Grateful mom steps out of her comfort zone to raise funds for the Children’s Hospital
By Neale McDevitt
Early into the interview, Alessandra Celani wants to make one thing perfectly clear. “I don’t have any dance background. None,” she says, laughing. “ Zero. Zero dance background. And if you had told me I was going to dance in front of 500 people I would have said you’re crazy.”
But on Feb. 3, that’s exactly what Celani will do when she takes the stage as one of the hoofers in the Just for Kids Foundation’s annual Dancing with the Stars fundraiser. The goal for the event is to raise money to help furnish the Montreal Children’s Hospital’s Otolaryngology and Urology departments with urgently needed state-of-the-art medical equipment.
Despite her trepidation (“Sometimes, I ask myself ‘Why am I doing this?’” laughs Celani) this is not an exercise in masochism. For Celani, it is a labour of love. “This is my way of saying thank you,” she says.
Celani knows the Children’s well, too well, she says. One of her daughters was a regular patient there, beginning when she was just 10-months old until she was five. “She’s doing wonderfully now,” says Celani when asked for an update on her daughter.
Although Celani, Coordinator for the Obstetrics and Gynecolgy Residency Training Program, doesn’t like to dwell on the particulars of her daughter’s condition, she has no qualms about handing out praise for the staff at the Children’s. “Like many families, we were certainly [at the Children’s] more often then we wanted to be,” she says. “But everyone there was so wonderful. These people are so dedicated and they work so hard. It is really something.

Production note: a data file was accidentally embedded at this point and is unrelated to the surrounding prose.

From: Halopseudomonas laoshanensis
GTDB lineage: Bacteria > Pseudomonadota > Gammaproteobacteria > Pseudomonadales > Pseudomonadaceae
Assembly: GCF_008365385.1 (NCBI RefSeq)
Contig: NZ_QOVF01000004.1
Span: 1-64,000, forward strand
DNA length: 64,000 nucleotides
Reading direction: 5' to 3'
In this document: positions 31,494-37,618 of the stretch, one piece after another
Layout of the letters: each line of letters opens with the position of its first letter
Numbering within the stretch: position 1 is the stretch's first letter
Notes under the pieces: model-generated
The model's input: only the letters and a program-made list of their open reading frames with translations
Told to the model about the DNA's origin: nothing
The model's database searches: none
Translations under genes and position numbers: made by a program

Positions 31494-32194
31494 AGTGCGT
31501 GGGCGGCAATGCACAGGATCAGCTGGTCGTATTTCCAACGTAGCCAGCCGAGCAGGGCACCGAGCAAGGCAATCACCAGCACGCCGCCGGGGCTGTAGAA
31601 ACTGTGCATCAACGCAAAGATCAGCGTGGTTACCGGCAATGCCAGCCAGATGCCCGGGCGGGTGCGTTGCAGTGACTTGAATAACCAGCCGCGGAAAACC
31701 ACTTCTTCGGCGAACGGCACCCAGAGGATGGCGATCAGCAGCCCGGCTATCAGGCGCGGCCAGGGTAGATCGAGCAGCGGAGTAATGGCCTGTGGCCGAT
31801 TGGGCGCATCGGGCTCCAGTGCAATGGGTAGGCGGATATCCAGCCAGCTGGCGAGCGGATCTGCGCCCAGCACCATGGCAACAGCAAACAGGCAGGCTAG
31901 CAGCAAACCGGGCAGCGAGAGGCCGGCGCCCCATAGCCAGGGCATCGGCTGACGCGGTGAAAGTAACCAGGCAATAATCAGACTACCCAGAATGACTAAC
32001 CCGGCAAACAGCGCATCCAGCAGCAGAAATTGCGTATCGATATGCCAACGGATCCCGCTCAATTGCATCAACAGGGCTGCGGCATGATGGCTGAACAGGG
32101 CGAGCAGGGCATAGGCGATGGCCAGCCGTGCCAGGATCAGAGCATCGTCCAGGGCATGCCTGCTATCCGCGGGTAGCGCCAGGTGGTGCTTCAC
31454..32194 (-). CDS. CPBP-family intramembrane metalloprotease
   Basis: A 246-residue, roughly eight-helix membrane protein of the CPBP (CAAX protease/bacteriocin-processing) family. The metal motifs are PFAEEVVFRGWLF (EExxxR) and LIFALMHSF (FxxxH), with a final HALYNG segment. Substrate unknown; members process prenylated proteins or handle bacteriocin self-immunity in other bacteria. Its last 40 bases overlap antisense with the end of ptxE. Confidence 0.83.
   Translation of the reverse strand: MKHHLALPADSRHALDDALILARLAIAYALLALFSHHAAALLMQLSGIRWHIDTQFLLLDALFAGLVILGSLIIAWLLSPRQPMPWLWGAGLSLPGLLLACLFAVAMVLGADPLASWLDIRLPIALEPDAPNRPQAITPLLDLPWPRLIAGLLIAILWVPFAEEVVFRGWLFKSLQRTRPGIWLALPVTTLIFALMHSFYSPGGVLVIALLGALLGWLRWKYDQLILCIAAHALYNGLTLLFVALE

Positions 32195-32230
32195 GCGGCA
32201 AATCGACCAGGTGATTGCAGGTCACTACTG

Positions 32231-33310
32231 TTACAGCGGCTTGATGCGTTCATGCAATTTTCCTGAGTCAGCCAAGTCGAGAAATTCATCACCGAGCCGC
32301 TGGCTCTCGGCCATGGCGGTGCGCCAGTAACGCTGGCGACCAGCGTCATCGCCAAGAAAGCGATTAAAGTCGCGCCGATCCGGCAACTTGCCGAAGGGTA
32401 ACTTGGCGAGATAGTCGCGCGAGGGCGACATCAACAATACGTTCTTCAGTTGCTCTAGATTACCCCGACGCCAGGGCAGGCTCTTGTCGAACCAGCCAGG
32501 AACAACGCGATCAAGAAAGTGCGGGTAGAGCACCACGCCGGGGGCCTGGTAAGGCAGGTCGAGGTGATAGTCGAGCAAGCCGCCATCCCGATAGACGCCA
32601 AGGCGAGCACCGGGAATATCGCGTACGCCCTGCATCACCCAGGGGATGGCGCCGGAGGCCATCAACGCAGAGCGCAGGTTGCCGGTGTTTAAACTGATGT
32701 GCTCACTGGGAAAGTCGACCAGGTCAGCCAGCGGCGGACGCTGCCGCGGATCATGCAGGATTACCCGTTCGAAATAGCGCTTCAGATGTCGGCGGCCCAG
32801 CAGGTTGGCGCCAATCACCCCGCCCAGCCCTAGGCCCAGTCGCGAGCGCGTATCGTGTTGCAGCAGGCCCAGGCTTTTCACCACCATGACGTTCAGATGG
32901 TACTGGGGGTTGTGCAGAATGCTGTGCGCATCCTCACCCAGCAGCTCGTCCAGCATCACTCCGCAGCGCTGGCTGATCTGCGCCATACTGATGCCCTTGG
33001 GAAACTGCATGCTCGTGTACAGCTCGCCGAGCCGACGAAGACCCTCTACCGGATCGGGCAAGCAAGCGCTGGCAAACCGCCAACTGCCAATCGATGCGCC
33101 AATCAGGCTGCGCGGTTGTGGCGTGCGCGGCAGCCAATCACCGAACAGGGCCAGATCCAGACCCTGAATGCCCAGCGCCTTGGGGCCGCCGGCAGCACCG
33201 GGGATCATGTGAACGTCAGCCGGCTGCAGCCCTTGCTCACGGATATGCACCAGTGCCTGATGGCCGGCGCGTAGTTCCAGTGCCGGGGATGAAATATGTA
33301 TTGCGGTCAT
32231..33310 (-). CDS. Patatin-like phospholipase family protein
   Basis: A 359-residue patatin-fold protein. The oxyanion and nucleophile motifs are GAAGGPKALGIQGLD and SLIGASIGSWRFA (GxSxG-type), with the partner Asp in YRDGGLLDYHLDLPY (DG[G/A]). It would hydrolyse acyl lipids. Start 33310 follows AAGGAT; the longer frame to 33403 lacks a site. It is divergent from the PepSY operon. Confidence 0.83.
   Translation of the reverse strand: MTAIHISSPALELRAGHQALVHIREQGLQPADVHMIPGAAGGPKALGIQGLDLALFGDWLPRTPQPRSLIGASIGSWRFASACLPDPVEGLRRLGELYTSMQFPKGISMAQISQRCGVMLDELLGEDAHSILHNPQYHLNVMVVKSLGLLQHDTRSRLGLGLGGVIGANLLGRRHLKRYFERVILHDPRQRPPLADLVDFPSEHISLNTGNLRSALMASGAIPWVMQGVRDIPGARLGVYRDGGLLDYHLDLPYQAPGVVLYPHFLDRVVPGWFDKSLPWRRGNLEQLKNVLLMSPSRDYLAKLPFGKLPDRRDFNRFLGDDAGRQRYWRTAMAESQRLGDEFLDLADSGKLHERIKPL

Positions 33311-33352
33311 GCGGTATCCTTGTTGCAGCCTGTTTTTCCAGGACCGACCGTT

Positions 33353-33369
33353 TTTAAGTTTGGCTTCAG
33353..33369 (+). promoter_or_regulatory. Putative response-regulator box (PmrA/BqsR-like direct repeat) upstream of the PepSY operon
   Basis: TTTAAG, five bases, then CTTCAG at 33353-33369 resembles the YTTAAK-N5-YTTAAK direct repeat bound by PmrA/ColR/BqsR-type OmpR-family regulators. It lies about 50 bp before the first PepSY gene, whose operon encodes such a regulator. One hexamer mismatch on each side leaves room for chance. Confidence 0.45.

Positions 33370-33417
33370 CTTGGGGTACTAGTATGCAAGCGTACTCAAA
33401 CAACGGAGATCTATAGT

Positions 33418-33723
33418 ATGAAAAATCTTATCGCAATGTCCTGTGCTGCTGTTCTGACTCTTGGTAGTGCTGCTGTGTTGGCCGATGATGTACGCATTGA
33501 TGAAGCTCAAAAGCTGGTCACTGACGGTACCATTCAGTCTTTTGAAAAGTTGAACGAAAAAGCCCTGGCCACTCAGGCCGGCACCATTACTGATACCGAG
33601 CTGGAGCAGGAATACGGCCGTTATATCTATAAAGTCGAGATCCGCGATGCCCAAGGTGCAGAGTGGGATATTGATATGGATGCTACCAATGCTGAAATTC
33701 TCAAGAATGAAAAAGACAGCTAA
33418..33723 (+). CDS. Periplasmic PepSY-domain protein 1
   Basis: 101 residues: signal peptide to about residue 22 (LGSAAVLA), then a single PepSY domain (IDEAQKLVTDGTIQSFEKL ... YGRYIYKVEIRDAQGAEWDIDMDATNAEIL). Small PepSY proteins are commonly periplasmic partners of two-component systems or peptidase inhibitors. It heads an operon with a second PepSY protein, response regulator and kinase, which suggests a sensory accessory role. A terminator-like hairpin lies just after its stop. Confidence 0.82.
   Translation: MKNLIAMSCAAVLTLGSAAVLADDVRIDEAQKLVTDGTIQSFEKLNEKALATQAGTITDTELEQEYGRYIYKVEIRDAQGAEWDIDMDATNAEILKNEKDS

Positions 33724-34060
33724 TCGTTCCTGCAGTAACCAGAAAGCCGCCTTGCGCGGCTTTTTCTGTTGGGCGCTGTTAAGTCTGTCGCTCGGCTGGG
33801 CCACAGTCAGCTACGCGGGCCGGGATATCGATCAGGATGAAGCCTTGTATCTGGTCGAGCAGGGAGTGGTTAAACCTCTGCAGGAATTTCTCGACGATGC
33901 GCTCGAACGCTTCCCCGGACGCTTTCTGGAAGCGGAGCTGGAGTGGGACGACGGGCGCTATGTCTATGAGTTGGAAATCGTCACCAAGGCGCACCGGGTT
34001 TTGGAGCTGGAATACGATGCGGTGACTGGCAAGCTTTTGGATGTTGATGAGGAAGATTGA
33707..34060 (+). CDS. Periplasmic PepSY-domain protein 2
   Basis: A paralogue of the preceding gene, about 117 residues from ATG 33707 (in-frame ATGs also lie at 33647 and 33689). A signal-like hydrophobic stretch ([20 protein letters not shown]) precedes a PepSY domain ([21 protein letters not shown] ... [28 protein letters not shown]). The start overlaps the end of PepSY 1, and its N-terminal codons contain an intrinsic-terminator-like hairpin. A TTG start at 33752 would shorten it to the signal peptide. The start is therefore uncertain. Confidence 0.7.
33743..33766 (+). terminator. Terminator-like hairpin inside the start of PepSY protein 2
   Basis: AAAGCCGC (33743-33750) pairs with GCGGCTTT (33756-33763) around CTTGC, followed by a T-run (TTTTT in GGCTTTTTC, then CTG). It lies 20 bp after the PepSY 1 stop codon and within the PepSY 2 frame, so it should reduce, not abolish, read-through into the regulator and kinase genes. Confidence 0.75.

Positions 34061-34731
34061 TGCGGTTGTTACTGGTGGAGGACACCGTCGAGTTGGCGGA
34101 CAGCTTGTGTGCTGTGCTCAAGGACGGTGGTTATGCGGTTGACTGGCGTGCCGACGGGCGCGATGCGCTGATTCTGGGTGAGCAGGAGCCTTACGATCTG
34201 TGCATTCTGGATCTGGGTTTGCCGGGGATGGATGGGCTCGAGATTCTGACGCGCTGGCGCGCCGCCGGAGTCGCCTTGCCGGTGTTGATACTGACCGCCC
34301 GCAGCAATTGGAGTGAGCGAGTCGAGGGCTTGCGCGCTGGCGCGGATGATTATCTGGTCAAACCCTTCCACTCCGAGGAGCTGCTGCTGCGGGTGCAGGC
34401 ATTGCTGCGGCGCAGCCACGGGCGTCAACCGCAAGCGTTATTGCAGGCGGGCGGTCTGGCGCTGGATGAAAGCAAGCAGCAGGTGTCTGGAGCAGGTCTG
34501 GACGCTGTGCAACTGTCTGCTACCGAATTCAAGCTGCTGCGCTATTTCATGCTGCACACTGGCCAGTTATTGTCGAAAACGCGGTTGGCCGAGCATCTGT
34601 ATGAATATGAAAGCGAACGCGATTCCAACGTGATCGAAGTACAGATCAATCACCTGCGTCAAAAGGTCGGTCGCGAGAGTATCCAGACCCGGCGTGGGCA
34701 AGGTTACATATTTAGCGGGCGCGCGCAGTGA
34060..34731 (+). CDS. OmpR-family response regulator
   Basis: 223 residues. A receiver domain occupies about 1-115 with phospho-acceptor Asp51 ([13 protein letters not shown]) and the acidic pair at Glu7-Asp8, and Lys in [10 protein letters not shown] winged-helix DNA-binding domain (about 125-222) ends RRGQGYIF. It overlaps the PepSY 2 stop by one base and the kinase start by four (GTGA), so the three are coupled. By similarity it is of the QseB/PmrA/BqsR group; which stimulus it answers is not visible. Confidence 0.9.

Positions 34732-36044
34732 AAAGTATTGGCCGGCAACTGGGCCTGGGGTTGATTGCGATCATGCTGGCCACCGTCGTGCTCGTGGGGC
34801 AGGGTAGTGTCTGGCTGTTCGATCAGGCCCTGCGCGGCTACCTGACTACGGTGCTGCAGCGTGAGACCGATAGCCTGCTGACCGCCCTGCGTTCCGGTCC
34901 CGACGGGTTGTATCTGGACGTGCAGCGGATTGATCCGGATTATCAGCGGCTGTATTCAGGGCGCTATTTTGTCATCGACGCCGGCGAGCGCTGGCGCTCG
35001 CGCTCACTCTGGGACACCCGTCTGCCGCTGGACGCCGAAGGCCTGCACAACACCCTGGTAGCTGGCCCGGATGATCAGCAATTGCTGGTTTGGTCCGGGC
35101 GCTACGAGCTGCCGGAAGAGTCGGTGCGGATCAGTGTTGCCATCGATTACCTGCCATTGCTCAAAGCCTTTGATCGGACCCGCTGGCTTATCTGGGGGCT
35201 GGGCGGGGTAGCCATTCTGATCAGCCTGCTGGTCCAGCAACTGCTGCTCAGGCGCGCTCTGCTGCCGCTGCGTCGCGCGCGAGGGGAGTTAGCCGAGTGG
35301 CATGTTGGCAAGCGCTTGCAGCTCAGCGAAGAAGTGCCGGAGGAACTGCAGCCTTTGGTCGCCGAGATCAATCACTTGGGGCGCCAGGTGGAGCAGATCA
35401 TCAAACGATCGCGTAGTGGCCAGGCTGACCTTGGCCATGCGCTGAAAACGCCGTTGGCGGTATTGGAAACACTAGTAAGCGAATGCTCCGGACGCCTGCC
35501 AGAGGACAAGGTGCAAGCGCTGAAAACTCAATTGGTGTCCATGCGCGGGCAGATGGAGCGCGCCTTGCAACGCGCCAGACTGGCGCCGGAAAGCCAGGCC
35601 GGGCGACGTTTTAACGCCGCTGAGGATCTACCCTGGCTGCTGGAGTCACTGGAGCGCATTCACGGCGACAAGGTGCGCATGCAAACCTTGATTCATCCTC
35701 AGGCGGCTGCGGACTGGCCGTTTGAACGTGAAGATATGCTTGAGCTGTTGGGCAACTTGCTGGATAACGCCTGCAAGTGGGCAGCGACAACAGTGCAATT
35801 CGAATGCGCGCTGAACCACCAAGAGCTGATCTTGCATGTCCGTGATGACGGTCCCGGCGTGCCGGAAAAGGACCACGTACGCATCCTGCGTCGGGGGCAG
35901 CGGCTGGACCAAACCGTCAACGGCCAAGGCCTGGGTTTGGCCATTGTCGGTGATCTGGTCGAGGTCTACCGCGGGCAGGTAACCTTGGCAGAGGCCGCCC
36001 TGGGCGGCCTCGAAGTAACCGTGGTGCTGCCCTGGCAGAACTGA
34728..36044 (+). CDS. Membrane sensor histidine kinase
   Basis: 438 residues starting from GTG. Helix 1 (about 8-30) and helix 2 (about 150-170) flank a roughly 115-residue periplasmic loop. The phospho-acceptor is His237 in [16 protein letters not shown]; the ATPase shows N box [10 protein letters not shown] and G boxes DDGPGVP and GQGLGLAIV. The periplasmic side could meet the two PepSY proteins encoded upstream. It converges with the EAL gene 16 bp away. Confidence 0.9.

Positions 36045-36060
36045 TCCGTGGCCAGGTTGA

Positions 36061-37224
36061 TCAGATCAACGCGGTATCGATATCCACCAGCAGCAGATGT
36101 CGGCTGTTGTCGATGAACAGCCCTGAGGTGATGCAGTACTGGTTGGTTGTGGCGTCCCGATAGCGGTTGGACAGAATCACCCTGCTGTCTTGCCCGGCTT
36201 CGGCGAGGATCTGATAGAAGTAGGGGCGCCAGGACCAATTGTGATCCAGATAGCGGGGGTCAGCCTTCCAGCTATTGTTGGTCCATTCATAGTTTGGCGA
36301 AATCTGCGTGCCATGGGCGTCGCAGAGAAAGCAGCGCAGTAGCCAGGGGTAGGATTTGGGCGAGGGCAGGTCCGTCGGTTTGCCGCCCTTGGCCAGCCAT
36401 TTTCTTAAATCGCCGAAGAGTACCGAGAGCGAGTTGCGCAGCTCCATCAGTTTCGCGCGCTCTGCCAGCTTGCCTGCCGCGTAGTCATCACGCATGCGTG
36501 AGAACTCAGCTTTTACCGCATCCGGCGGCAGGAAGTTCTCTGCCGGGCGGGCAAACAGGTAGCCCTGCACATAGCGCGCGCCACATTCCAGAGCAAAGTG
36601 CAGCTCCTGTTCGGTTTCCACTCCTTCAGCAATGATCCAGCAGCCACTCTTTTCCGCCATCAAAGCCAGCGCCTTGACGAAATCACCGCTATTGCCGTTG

“It was such a stressful time but everyone we met went out of their way to make sure my daughter was comfortable and we were comfortable,” continues Celani. “They are so calm and so good at what they do – it was so reassuring.
“This is just my way of trying to pay some of it back,” says Celani. “Hopefully, this will help other families in the same situation.”
The gala’s theme, “A Step in Time,” promises to transport the audience through decades of dance and musical styles. Celani will be performing a burlesque number as part of a group dance. None of the members of her team have prior dance experience. But before people write them off, they should understand just how serious these novice dancers have taken the challenge.
They’ve been practicing every Sunday for several hours since November. Not entirely satisfied with their progress, the group has added extra practice times during the week. “We’ve also been videotaping ourselves, so I play my little tape and I practice at home with my kids,” says Celani “They are probably better than me – I’m always asking them ‘How do you remember the steps?’”
While Celani admits she was had a few moments of the why-am-I-doing-this jitters as the soirée approaches, she just thinks about her daughter to boost her morale.
Sure I’m going to be dancing in front of people and it is a little intimidating, a little hard. But when I think about my daughter and everything she went through, it’s nothing,” says Celani. “I’m dancing. I’m having fun.”
In fact, the soccer-player-turned-dancer admits that the experience has tapped into a hidden part of herself. “I must say, I love it. It is so liberating,” she says. “I’m very conservative and shy – but this doesn’t allow it. You can’t be shy. You just have to dance. Everything in my day is so serious, so structured – but when you go to practice, you just let yourself be free with no reservations. It is very liberating.”